Chris Alfano, cofounder of Code for Philly, wants to help shape the model Code for America will follow.
That’s why, instead of looking from afar and Philly shrugging, the local staple of Philly civic tech is running for a spot on the recently announced National Advisory Council of the civic hacktivist coalition.
Please vote our @themightychris for @codeforamerica's Advisory Council! https://t.co/EaIvQMJar7
— Code for Philly (@CodeForPhilly) September 20, 2016
Alfano, who has long been the link between the national org and Philly, voiced his bid for the board in an impassioned Facebook post.
“I’m running for Code for America’s national brigade advisory council to be a voice for us playing to our strength as a lean network of local groups that collaborate nationally only where there are economies of scale,” Alfano wrote.
The social media posting also gave a sneak peek into two conflicting philosophies within the management of the organization. Alfano openly embraced one of them.
“Some want us to focus on fundraising from big tech companies nationally to pay operating costs for local groups across the country but I’m wary this is neither achievable nor sustainable,” Alfano wrote. “Instead, I want us to take full advantage of our might as a network of agile groups, employing open-source philosophy to drive change from the ground-up.”
Time's running out to vote in the Brigade national advisory council elections! https://t.co/isEiWVmtkk – Ballots close tommorow!
— Code for America (@codeforamerica) September 29, 2016
The announcement of the newly-created board comes at the four-year mark of the Code for America brigade program, and was the result of a lengthy dive into the organization’s own structure. Thirteen nominees hailing from CfA’s local outposts are up for one of the nine seats that make up the council.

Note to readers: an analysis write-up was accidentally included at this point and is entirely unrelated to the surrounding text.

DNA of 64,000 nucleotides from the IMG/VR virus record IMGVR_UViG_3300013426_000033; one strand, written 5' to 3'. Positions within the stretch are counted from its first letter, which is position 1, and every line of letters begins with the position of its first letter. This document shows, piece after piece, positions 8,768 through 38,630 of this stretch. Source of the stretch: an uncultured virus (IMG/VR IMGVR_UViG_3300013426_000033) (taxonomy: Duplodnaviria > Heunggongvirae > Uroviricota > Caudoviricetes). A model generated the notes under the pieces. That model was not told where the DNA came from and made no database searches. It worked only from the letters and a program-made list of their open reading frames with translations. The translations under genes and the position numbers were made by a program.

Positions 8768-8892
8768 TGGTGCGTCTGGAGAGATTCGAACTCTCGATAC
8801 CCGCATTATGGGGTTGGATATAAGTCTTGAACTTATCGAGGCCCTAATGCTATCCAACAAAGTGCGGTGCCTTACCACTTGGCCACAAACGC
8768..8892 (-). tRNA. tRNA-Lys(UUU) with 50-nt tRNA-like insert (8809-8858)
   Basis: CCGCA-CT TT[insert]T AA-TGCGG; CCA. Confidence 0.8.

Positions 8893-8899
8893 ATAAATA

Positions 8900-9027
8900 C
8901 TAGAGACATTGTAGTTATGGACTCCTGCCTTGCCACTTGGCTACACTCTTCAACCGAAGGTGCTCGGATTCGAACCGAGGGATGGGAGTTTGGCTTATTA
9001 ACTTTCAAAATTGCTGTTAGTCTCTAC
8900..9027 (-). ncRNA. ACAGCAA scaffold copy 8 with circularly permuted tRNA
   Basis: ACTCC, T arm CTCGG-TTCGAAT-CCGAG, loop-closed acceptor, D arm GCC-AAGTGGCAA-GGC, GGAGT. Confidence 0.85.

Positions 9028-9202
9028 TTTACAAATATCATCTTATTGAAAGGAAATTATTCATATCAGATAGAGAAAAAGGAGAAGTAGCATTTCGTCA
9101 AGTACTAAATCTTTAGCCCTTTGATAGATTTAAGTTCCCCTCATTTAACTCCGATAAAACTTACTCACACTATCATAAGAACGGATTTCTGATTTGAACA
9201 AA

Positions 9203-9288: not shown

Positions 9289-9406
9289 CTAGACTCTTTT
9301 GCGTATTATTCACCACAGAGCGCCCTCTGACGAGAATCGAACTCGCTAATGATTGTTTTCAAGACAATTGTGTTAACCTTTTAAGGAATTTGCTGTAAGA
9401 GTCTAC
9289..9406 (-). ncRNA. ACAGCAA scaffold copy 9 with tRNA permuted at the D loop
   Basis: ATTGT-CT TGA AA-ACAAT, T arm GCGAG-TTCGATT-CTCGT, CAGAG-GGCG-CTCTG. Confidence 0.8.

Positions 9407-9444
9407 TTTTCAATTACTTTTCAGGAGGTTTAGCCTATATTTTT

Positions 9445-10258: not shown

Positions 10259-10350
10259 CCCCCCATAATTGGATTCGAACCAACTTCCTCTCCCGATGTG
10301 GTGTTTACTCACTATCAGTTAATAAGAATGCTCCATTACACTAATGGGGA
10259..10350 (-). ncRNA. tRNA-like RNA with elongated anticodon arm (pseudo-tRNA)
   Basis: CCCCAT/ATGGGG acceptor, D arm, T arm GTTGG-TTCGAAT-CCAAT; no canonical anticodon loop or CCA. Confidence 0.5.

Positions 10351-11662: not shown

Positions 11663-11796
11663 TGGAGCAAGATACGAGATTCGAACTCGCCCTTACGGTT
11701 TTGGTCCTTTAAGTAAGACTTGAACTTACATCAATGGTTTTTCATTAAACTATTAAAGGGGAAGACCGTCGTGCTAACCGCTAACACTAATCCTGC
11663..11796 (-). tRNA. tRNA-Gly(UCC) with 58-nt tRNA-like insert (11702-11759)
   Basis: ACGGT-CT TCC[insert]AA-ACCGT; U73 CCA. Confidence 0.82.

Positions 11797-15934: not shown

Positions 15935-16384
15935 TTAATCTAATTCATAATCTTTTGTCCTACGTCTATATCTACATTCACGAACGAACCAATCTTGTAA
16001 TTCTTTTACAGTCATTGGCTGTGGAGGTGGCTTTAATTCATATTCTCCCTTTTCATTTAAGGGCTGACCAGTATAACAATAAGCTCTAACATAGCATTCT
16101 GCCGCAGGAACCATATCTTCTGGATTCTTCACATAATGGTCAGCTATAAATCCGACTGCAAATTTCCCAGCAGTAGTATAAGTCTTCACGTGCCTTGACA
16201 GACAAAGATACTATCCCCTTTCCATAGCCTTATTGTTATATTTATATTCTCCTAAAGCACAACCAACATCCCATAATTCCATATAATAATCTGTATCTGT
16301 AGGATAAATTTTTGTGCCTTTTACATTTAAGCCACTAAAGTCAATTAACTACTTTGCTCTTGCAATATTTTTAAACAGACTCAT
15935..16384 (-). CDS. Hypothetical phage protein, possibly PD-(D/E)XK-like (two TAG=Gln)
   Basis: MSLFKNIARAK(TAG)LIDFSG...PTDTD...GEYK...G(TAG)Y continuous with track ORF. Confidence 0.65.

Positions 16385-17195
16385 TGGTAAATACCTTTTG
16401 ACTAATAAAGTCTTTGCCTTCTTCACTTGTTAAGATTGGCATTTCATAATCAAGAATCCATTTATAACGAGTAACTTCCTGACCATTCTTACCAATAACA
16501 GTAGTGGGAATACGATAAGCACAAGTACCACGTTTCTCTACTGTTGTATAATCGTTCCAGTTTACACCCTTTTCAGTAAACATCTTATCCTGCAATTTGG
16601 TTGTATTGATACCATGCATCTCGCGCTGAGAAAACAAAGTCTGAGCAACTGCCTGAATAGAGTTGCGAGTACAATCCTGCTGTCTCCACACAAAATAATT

According to Christopher Whitaker, manager of the brigade program, the council marks the “beginning of a new governance structure that will increase our ability to function more effectively together while preserving the strength of local communities.”
“I Code for America because I believe that—like the labor movements of the industrial era—open data and technology represent humanity’s opportunity to turn the driving trends of the day into an equalizing force that lifts up everyone,” Alfano went on in his Facebook post. “Local civic hacking groups that put technology to work for the people becoming an effective network of collaboration will be absolutely vital to turning the tide on corruption and inequality.”
Sept. 30 is the final day to cast your votes and, like you might expect from an organization of civic activists, they’ve opened up the process to allow the whole community to vote.
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